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Biography

Politics & War

Politics & War

Shaheed Udham Singh

Shaheed Udham Singh
SHAHEED UDHAM SINGH

• Udham Singh was born as Sher Singh on 26 December 1899, at Sunam in the Sangrur district of Punjab His father, Tehal Singh Kamboj, was a railway crossing watchman in the village of Upalli.
• After his father’s death, Singh and his elder brother, Mukta Singh Kamboj, Were taken in by the Central Khalsa Orphanage Putlighar in Amritsar. At that time, Punjab was witness to intense political turmoil and Singh grew up observing the changes taking place around him.
• As both brothers were administered the Sikh initiatory rites at the Orphanage, they received new names, Sher Singh becoming Udham Singh and Mukta Singh Sadhu Singh. In 1917, Udham Singh’s brother also died, leaving him alone in the world.
• While at orphanage, Udham Singh was trained in various arts and crafts. He passed his matriculation examination in 1918 and left the orphanage in 1919.

EARLY LIFE

• On 10 April 1919, a number of local leaders allied to the Indian National Congress including Satya Pal and Saifuddin Kitchlew were arrested under the Rowlatt Act. Protestors against the arrests were fired on by British troops, precipitating a riot. On 13 April, over twenty thousand unarmed People were assembled in Jallianwala Bagh, Amritsar to protest against the act.

• Udham Singh and his friends from the orphanage were serving water to the crowd and Dyer ordered his troops to fire without warning on the assembled crowd in Jallianwala Bagh. Since the only exit was barred by soldiers, people tried to escape by climbing the park walls or jumping into a well for protection.

• An estimated 1,500 people were killed and over 1,200 were wounded although that has been debated. Udham Singh Kamboj was deeply affected by the event. The governor of Punjab, Michael O’Dwyer, had ordered the massacre, and Udham Singh held him responsible.Udham Singh became involved in revolutionary politics and was deeply influenced by Bhagat Singh and his revolutionary group.

JALLIANWALA BAGH

• He was present in the Jallianwala Bag on the Baisakhi day, 13 April 1919,
when a peaceful assembly of people was fired upon by General Reginald
Edward Harry Dyer, killing over one thousand people.
• The event which Udham Singh used to recall with anger and sorrow,
turned him to the path of revolution. Soon after, he left India and went to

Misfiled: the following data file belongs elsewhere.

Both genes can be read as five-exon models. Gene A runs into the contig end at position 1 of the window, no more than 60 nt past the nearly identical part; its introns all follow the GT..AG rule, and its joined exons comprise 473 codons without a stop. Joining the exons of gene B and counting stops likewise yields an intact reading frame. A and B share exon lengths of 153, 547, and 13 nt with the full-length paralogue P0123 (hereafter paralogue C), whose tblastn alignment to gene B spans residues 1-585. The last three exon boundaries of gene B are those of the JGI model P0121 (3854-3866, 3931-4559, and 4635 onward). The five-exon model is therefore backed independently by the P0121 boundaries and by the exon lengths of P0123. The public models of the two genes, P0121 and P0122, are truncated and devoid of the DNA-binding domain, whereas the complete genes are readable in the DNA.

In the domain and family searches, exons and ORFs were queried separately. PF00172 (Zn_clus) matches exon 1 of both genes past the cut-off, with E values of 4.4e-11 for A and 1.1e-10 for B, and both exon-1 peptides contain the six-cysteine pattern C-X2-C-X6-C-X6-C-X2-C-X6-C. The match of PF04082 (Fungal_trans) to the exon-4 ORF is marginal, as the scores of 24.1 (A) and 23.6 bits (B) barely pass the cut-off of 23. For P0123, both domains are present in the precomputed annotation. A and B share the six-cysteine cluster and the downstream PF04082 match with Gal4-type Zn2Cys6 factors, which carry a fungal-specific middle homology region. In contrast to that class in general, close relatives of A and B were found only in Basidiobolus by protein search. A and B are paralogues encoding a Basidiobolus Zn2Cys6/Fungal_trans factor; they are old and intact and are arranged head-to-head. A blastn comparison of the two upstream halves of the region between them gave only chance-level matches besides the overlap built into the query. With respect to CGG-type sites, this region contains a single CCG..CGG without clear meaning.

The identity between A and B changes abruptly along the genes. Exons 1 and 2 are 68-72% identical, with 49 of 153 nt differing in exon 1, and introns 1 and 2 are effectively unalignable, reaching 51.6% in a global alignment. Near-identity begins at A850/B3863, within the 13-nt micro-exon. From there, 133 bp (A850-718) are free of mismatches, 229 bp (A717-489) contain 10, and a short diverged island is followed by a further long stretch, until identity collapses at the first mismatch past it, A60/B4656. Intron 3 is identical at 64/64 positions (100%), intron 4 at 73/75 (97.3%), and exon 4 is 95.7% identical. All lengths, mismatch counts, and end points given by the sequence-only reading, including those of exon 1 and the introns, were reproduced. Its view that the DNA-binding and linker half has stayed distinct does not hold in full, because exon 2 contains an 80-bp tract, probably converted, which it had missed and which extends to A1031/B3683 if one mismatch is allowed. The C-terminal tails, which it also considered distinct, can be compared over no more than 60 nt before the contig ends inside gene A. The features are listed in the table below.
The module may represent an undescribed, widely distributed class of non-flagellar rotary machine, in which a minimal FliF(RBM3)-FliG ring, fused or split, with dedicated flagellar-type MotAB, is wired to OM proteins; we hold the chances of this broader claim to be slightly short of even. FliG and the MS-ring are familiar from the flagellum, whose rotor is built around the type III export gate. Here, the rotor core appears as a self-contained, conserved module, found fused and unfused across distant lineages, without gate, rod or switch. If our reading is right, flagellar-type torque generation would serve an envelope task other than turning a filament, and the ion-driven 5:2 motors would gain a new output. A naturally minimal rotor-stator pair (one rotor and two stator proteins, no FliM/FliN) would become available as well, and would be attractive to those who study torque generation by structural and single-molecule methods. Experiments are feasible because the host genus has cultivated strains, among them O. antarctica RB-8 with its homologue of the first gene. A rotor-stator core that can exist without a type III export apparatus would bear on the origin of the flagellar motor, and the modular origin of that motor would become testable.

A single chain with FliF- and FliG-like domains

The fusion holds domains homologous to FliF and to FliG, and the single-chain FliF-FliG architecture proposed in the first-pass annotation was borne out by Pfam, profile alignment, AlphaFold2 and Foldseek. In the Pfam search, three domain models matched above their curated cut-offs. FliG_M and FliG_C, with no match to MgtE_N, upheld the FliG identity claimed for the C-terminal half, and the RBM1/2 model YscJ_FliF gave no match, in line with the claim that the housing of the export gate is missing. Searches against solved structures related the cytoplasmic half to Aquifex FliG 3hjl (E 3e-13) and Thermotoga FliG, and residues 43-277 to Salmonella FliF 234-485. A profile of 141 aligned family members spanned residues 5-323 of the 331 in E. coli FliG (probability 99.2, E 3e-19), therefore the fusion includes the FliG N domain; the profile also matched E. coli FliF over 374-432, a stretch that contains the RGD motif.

the United States of America.
• He felt thrilled to learn about the militant activities of the Babar Akalis in
the early 1920’s, and returned home. He had secretly brought with him
some revolvers and was arrested by the police in Amritsar, and sentenced to four years imprisonment under the Arms Act IN 1927.
• On release in 1931, he returned to his native Sunam, but harassed by the
local police, he once again returned to Amritsar and opened a shop as a
signboard painter, assuming the name of Ram Muhammad Singh Azad.

REVOLUTIONARY WAY TO LONDON

• In 1935, when he was on a visit to Kashmlr, he was found carrying Bhagat Singh’s portrait. He invariably referred to him as his guru. He loved to sing political songs, and was very fond of Ram Prasad Bismal, who was the leading poet of the revolutionaries.
• After staying for some months in Kashmlr, Udham Singh left India. He wandered about the continent for some time, and reached England by the mid-thirties. He was on the lookout for an opportunity to avenge the Jalliavala Bagh tragedy.
• In his application for his passport endorsement, he claimed to have been  working as a sports outfitter in India, but since his arrival, living in Canterbury, Kent, he was unable to secure employment.
• During 1937, he worked as an extra in crowd scenes for London Studios at Denham. During 1938, he worked as a carpenter at the RAF Station at Great Chessington, Gloucestershire, before becoming unemployed.

CAXTON HALL SHOOTING

• On 13 March 1940, Michael O’Dwyer was scheduled to speak at a joint meeting of the East India Association and the Central Asian Society (now Royal Society for Asian Affairs) at Caxton Hall, London.
• ON 13 MARCH 1940 UDHAM SINGH DRESSES PERFECTLY LIKE A ENGLISH GENTLEMAN BOOKED A SEAT AND REVOLVER WAS CONCEALED IN THE BOOK FIRED SIX SHOTS INTO A GROUP OF PEOPLE.
• Singh shot O’Dwyer twice as he moved towards the speaking platform. One of these bullets passed through O’Dwyer’s heart and right lung, killing him almost immediately. Others injured in the shooting included Sir Louis Dane, Lawrence Dundas, 2nd Marquess of Zetland and Charles Cochrane-Baillie, 2nd Baron Lamington. Singh was arrested and tried for the killing.

TRIAL AND EXECUTION

• On 1 April 1940, Udham Singh Kamboj was formally charged with the murder of Michael O’Dwyer, and remanded in custody at Brixton Prison.
• While awaiting his trial, Singh went on a 42-day hunger strike and had to be forcibly fed. On 4 June 1940, his trial commenced at the Central Criminal Court.
• Singh was convicted of murder and sentenced to death. Following his conviction, he made a speech which the judge directed should not be released to the press.
• On 31 July 1940, Singh was hanged at Pentonville Prison. His remains are preserved at the Jallianwala Bhag in Amritsar, Punjab. On every 31 July, marches are held out in Sunam by various organisations and every statue of Singh in the city is tributes with flower garlands.

“I did it because I had a grudge against him. He deserved it. He was the real culprit. He wanted to crush the spirit of my people, so I have crushed him. For full 21 years, I have been trying to seek vengeance.
I am happy that I have done the job. I am not scared of death. I am dying for my country. I have seen my people starving in India under the British rule. I have protested against this, it was my duty. What greater honor could be bestowed on me than death for the sake of my motherland?”